Fans of Philip K. Dick and science fiction might be underwhelmed by The Man in the High Castle since, other than passing mention of cross- continent rocket-ship travel and a German exploration of Mars, there really isn’t any science or signature PKD craziness or large-scale action; rather, Dick’s 1962 book is alternative history, the aftermath in the United States after Germany and Japan win World War II and a novel of ideas.

There are a number of crisscrossing plots, colorful main characters, a
Thank God, this is fiction, at least in our dimension!


It is impossible that ours is the only world; there must be world after world unseen by us, in some region or dimension that we simply do not perceive.

This book is a frightening glimpse of how our world could been if the Axis Powers would have won the World War II.

The Nazi Germany and the Imperial Japan won and they divided the planet between them. Even the United States is now divided with the East Coast dominated by Na
Michael Finocchiaro
Philip K Dick was certainly a brilliant man and a gifted writer. His imagined dystopia of a world split between the victorious Reich and Imperial Japan is chilling and realistic. Ok, perhaps colonisation of Mars in 1962 is a bit of a stretch, but the depiction of San Francisco under the Japanese administration was excellent. His characters were vivid and lifelike. His villain was somewhat predicable, but still a fascinating one.
The dystopia he describes - particularly the horrors of unbridled f
Megan Baxter
Jun 27, 2012 rated it it was amazing
I think this book broke my brain.

I mean, it's so many things tied up in a slim little volume - an alt-history "what if Germany and Japan had won the Second World War," a meditation on the inability to ever accurately try to reconstruct what-might-have-beens, one of the most interesting literary experiments I've ever read, a look at chance and fate in how the world unfolds, and a book that can definitely bend your sense of reality.

Note: The rest of this review has been withdrawn due to the recent
have you ever thought about what life would be like had the axis powers won WWII? a world where every morning begins with a 'heil, hitler' and the 'i ching' is consulted for every decision? because i sure havent. at least, not until i read this book. i actually didnt even know alternative history was a thing when it came to genres, but i am here for it.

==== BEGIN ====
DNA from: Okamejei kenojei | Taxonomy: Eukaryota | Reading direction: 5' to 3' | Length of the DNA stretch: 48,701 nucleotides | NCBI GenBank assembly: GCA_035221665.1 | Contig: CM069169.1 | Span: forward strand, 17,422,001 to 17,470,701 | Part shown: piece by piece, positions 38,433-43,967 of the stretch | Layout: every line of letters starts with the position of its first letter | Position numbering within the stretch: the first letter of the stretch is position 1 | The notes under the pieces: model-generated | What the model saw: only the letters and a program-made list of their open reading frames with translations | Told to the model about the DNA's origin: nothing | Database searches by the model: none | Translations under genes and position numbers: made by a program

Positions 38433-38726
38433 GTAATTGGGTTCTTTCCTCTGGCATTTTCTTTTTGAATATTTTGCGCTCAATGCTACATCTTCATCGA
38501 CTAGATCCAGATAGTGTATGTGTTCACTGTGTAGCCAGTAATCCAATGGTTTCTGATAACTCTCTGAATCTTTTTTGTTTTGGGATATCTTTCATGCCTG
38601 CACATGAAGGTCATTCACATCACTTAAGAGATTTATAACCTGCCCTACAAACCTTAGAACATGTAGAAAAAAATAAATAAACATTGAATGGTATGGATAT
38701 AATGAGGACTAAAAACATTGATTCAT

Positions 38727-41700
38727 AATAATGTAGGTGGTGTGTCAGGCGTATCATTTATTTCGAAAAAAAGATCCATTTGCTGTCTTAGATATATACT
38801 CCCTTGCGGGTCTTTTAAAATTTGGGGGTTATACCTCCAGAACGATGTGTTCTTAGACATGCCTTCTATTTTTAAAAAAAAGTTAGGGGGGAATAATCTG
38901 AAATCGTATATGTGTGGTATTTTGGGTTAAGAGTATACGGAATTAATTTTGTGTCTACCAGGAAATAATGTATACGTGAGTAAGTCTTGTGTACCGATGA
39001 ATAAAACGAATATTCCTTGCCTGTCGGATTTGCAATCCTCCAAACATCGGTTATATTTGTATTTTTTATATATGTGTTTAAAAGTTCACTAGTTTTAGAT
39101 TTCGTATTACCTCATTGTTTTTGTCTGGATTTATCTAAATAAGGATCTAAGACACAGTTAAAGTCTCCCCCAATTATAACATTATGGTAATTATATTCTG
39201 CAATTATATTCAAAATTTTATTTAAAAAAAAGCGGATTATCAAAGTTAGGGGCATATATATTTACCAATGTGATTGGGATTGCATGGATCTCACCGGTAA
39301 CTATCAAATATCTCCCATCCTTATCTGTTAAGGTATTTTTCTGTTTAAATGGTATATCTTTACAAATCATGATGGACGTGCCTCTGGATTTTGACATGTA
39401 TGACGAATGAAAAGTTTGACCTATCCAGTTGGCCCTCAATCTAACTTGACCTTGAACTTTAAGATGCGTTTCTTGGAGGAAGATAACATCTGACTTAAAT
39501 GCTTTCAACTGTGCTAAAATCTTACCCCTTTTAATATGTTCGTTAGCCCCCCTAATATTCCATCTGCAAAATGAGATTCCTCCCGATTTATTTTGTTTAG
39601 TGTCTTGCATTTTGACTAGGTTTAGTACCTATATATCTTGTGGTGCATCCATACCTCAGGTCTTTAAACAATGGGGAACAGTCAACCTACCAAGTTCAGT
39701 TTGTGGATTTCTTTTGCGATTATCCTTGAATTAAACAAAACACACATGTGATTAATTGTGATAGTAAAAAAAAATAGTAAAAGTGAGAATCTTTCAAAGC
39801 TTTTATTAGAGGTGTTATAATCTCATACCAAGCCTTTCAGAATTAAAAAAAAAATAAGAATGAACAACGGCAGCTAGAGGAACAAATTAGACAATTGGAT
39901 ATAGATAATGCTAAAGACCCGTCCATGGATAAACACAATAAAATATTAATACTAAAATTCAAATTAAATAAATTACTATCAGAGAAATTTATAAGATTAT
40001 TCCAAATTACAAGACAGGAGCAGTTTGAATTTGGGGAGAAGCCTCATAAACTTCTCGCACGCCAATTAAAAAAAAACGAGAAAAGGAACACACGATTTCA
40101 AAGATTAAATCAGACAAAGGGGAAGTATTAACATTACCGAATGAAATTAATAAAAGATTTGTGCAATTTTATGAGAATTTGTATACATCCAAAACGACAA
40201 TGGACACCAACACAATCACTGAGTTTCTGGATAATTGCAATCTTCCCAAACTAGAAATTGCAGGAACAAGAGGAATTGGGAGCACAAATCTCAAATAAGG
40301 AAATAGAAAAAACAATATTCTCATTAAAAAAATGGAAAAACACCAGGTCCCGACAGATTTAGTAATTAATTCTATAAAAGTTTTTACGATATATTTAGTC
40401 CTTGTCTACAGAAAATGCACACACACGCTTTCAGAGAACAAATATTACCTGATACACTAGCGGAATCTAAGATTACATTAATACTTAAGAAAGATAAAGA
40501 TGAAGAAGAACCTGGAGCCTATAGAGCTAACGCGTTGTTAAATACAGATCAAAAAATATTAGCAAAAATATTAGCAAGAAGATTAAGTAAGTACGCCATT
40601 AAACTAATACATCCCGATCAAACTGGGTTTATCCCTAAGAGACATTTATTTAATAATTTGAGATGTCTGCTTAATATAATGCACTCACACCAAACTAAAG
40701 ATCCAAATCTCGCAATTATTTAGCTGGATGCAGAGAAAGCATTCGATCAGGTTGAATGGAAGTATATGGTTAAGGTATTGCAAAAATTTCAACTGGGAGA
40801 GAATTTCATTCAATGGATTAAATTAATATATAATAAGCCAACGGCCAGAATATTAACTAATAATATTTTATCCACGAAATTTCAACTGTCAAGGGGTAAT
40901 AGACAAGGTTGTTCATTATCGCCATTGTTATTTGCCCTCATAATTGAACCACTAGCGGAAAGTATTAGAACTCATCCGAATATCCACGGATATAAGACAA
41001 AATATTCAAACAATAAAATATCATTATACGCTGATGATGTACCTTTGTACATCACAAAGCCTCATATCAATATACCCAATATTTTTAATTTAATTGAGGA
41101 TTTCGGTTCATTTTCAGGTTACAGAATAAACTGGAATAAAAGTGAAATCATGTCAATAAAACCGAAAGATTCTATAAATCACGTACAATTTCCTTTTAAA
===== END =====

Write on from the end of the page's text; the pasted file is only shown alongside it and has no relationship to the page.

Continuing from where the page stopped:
from a historical standpoint, this book is fascinating. this is my first PKD book and i was blown away by the world building. i could really tel
Aug 06, 2012 rated it really liked it
The Man in the High Castle by Philip K. Dick, winner of the Hugo Award for best novel, is classic, very good science fiction.

It is the story of a segmented and defeated United States after the Axis powers won World War II. This alternate history actually began in the thirties as Roosevelt is described as having been assassinated. Taking a roving perspective amidst several characters and some loosely connected interwoven storylines, PKD explores a world where America is divided into three distin
Joe Valdez
My preparedness for the regime change taking place in the United States--with elements of the Electoral College, the Kremlin and the FBI helping to install a failed business promoter who the majority of American voters did not support in the election--continues with The Man In the High Castle, the Hugo Award winning novel by Philip K. Dick published in 1962. Dick's sheer output and high concept hooks that can be reduced to three words--"Axis Won WWII"--have proved irresistible to film and televi ...more
May 12, 2008 rated it really liked it
the plot is simple enough: an alternate history detailing what would've happened had the axis powers won the second world war. thankfully, there's very little of that obvious government intrigue and new-world-order shit that lesser writers focus on -- rather, Dick's obsession is the spiritual life of the individual in a totalitarian society told in the form of a wonderfully messy jumble of ideas and ruminations on race and history and human connection and destiny. in fact, i think dick's ideas a ...more
This book is complicated for me. I only cared about Juliana's story as an actual story. There were times where I was invested with Frank's tale, too, and Tagomi had his moments, but as a complete and cohesive novel, the overt tale wasn't anything special. Nothing much happened except the hint of an attempted coup, the beginnings of an attempted assassination of an author, and the near-tragedy of a jewelry maker.